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Microhydro in Kenya

Tungu-Kabri project, Mbuiru

The Tungu-Kabri micro-hydro power project in Kenya is a cheap, sustainable and small-scale technology that harnesses the energy of falling water to make electricity.

The Tungu-Kabri Micro-hydro Power Project is the first of its kind in Kenya. Funded by the United Nations Development Programme and developed by Practical Action East Africa and the Kenyan Ministry of Energy, the project benefits 200 households (around 1,000 people) in the Mbuiru village river community. The project is a cheap, sustainable and small-scale technology that harnesses the energy of falling water to make electricity. It also alleviates the environmental problems associated with using wood and dung for cooking, diesel for milling and kerosene for lighting - and keeps on working, even in the face of drought.

Tungu-Kabri project, Mbuiru

The Tungu-Kabri micro-hydro power project in Kenya is a cheap, sustainable and small-scale technology that harnesses the energy of falling water to make electricity.

A weir constructed to create a resovoir of water to ensure a constant flow into the intake channelThe Tungu-Kabri Micro-hydro Power Project is the first of its kind in Kenya. Funded by the United Nations Development Programme and developed by Practical Action East Africa and the Kenyan Ministry of Energy, the project benefits 200 households (around 1,000 people) in the Mbuiru village river community. The project is a cheap, sustainable and small-scale technology that harnesses the energy of falling water to make electricity. It also alleviates the environmental problems associated with using wood and dung for cooking, diesel for milling and kerosene for lighting - and keeps on working, even in the face of drought.

The problem

Life is hard for the women and men in rural Kenya and the need for access to modern, 'clean' energy is acute. 96 per cent off Kenyans live without access to grid electricity. In rural homes, families spend at least a third of their income on kerosene for lighting and diesel for the milling of grain. Kenyan women also devote a huge amount of time collecting, processing and using wood and dung for cooking - time which could be spent on child care, education or income generation.

And according to the UN, in a country where nearly 80 percent of the population rely on farming for a living, poor farmers face declining yields and incomes in the traditional coffee and tea growing areas which pushes them into even more biting poverty. Just to survive, they will be forced to clear forests in higher, cooler, areas. This can only add to environmental damage, which in turn can lead to increased poverty, hunger and ill health.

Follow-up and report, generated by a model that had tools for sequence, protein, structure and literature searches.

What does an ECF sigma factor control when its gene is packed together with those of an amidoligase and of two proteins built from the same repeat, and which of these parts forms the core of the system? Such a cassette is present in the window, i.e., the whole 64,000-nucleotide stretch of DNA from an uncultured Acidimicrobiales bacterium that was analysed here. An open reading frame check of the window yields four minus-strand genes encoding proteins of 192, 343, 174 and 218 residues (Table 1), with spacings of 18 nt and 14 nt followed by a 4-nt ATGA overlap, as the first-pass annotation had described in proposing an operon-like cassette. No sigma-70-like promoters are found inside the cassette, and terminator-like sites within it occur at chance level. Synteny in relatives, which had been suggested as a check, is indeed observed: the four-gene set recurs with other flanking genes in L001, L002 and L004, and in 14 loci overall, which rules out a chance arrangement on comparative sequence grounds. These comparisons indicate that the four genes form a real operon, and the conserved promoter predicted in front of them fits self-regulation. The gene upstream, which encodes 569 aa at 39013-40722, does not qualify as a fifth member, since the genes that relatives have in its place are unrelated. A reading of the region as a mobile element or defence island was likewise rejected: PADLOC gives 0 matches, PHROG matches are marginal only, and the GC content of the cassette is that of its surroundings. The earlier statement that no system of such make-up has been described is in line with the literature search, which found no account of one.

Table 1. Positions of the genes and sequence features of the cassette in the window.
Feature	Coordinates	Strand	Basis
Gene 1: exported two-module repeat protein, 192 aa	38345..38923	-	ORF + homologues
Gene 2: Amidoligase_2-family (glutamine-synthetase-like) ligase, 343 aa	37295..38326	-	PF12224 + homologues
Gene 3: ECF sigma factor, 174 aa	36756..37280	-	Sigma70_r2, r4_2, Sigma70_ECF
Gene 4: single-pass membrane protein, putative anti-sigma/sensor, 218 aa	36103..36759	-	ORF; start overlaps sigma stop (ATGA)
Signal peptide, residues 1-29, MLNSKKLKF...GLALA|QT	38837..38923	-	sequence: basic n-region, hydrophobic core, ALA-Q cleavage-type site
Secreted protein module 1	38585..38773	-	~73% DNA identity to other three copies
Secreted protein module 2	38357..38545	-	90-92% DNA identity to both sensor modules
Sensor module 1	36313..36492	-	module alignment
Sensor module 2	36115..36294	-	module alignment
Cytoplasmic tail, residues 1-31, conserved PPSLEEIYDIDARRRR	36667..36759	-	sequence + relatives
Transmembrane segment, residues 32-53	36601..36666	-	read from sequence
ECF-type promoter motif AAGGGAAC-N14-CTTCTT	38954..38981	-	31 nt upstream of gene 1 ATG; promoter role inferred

Putting the power in people's hands

Checking the flow rate in the finished concrete water channel between intake and forebay

Mbuiru village - 200 kilometres north of Nairobi - is a typical rural village in Kenya. It is very poor, with few opportunities for change. However, villagers in Mbuiru had the will to help themselves to generate the power to beat drought and poverty.

Step 1 The project site is assessed. Many rivers do keep flowing, however bad the drought. Practical Action looked at flow records going back 40 years, to ensure the water power project will work. The River Tubgu, near Mbuiru is perfect.

Step 2 Practical Action explains its intentions at a village meeting. The villagers have many questions - the only hydro-power people know about means big dams. Practical Action explains how a small scheme could help them, how it works and how it would belong to all the villagers. Everyone is eager.

Step 3 Villagers hold back the river and start to build an intake weir and canal, giving up every Thursday to labour for months. Families work together, digging, shifting stones and laying concrete. The canal alone takes many weeks to build.

Step 4 Groups of villagers toil to make bays to clean dirt out of the water, and build a tank to hold the water before it goes through 'penstock' pipes into a turbine. People learn to mend as they build, so they can do repairs themselves.

Step 5 Two years later, power! The powerhouse goes up, in goes the machinery. Now the river can be released. The villagers hold their breath. It works and all that effort seems worthwhile.

Impact on the future

"This power is wonderful', says villager Mrs Kaburu. 'All of us will feel the benefit for many years to come'.

The project generates an estimated 18 kilowatts of electrical energy. This amount can light 90 homes and Practical Action estimates that the power the system generates will benefit about 200 households.

In the months ahead, the villagers will be able to light their homes, save time and run small enterprises with this power. This will bring them a little vital money, to help buy clothes, food, and even schooling for their children. Also, water power also means less wood is used - so the environment benefits.


VIDEO: Adam Hart-Davis reports on the impact of the Tungu-Kabri micro-hydro project

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